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Help me successfully smoke a cut of beef

post #1 of 9
Thread Starter 
Okay, we have tried to smoke brisket, an eye of round roast and a chuck roast with little success. While they smell great, none of them have been tender, and honestly just a little tough. I suspect that the problem is that since there are only 2 of us, and we tend to buy 2 lb roasts, the cuts of meat are too small for them to cook to the desired fall apart tenderness that I long for.
Is there a minimum weight we should be going for? I should probably add that we're using an electric smoker and it cooks at a steady tempersture of 225 deg, there is no changing that.
post #2 of 9
Size shouldn't matter. It all depends on what internal temperature you cook it too. For example for a brisket to be tender it's internal temp is usually between 195-200. For a chuck roast to be tender it needs to get to 205-210 for pulled beef. Eye round has a low fat content and is best cooked to medium rare. Maybe 140 internal temp at most in my opinion. Get a good thermometer like the maverick and it takes all the guess work out if it
post #3 of 9

Beef cuts can be tricky.  Some fat is needed, and time is needed to break down the connective tissue and tenderize the meat.

 

Consider a covered pan with some liquid to finish with a braise?

 

Cheating to some, but it works.

 

Good luck and good smoking.

post #4 of 9

What finished product are you looking for? Are you trying to get pulled beef or sliced beef? As mentioned above, some cuts go to 200 while others only go to 140. I have had good luck with smoking tri-tip to 140 for sliced beef sandwiches.

post #5 of 9

I would suggest you get some tried and true recipes to use from this website. I recommend Bear's step by steps for this as a starting point. Get yourself a good dual probe digital thermometer setup like a Maverick or Igrill. http://www.smokingmeatforums.com/t/159333/bears-step-by-step-index

post #6 of 9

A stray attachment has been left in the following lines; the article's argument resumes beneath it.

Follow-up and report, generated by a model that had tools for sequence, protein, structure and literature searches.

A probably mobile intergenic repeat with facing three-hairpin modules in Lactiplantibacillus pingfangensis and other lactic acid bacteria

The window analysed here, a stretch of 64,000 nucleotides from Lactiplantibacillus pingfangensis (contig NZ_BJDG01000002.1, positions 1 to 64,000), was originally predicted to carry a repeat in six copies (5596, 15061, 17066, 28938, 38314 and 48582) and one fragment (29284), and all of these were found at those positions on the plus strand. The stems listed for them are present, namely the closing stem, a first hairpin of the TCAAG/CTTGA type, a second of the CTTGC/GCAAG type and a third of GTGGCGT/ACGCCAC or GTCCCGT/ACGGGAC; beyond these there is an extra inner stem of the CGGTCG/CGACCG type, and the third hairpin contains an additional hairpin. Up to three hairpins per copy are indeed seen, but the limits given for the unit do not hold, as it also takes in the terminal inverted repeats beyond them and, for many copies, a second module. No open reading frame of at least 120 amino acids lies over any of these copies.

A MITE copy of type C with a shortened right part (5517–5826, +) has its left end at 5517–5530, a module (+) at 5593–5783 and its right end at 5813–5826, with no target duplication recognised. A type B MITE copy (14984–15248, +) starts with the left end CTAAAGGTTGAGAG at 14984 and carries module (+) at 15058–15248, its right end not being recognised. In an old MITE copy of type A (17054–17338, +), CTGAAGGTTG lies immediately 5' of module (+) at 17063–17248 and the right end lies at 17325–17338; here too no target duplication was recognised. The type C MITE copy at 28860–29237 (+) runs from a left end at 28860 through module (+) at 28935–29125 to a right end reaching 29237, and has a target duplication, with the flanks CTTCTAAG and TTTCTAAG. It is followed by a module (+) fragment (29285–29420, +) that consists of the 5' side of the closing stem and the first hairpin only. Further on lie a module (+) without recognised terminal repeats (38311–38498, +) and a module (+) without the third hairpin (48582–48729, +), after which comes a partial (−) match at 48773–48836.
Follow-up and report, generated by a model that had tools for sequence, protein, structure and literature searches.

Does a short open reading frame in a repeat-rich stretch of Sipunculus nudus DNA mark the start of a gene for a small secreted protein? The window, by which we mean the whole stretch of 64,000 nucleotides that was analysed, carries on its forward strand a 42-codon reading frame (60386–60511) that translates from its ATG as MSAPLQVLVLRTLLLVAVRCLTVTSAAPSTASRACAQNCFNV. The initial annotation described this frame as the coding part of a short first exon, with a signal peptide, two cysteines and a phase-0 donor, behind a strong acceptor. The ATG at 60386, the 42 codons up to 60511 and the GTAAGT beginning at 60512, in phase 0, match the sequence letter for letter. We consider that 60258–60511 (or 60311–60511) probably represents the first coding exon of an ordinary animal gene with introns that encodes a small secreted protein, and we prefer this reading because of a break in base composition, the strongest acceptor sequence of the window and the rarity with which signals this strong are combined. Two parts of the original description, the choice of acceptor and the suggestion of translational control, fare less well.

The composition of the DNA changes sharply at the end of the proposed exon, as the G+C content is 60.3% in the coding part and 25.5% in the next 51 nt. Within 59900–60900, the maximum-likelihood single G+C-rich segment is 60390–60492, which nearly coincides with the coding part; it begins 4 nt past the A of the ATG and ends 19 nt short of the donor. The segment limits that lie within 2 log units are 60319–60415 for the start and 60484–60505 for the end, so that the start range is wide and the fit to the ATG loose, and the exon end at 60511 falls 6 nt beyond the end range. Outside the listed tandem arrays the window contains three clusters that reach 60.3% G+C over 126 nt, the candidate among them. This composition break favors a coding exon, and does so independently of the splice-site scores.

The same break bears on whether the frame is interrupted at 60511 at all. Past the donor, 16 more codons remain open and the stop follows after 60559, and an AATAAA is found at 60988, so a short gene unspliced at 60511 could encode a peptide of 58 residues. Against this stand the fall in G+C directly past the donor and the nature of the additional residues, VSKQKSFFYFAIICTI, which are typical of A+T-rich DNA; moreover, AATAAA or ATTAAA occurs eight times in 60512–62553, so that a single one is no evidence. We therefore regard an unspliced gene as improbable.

Quote:
Originally Posted by worktogthr View Post

Size shouldn't matter. It all depends on what internal temperature you cook it too. For example for a brisket to be tender it's internal temp is usually between 195-200. For a chuck roast to be tender it needs to get to 205-210 for pulled beef. Eye round has a low fat content and is best cooked to medium rare. Maybe 140 internal temp at most in my opinion. Get a good thermometer like the maverick and it takes all the guess work out if it

This sums it up the best. For the smaller cuts though braising in liquid for a portion of the cook can help.
post #7 of 9

Yeah cooking for two can seem to be a issue but it's really not.  We are empty nesters here but that doesn't stop us. I still smoke 11-12 lb briskets. We eat our fill that evening, then during clean up we portion out the remaining into dinners for two, place them in foodsaver bags, suck out the air and into the freezer.  Thawed and warmed they are still great!

 

Regarding toughness and brisket: (remember I'm coming from using whole packers, point and flat still attached...) its all about getting the brisket to the color you like, then we double wrap tight in foil and put it right back on.  This helps power through the stall AND preserves the moisture.  It's done when it done - i.e. when a probe goes in the thickest part of the flat without resistance (like a knife through butter).  BTW: go in from the top not the side or all that wonderful juice will flow out! 

 

You'll notice I made no mention of temps there...that's because temp is not the first but third in the priority of elements when smoking briskets with the first two being look and feel.  Personally, when the color (that we like) is reached my temps are somewhere in the 145-160º range. Every brisket is/can be different, not to mention type of smoker and temps used. I know from past smokes approximately how long it will be before it finishes after wrapping and start probing it 1/2 hour early.  I use a thermapen for the feel so by default the temp reading comes along for the ride.   Finishing temps again vary (can't stress this enough, it's done when its done via the "feel") but their range seems to end up between 198-215º. Guess a good thumb would be 203º.

 

Good luck & Keep Smoking - it's get better!

 

Matt

post #8 of 9
Thread Starter 
Thank you everybody for the advise. I'll definitely be making use of the step by step posts. We decided this morning that we are going to 'upgrade' to a better smoker since the one we have now is a basic one I bought when my husband said 'get me a smoker for Christmas' and I had no clue about anything. I'm eying the 40" MES at Lowes as a definite possibility. Being able to adjust temps will make some things easier to accomplish, plus the have been times when we've needed more room.
post #9 of 9
Quote:
Originally Posted by lnares View Post

Thank you everybody for the advise. I'll definitely be making use of the step by step posts. We decided this morning that we are going to 'upgrade' to a better smoker since the one we have now is a basic one I bought when my husband said 'get me a smoker for Christmas' and I had no clue about anything. I'm eying the 40" MES at Lowes as a definite possibility. Being able to adjust temps will make some things easier to accomplish, plus the have been times when we've needed more room.

I love my 30" MES except that it is a little small. The 40" appears to be a great smoker and a lot of people on here use it.

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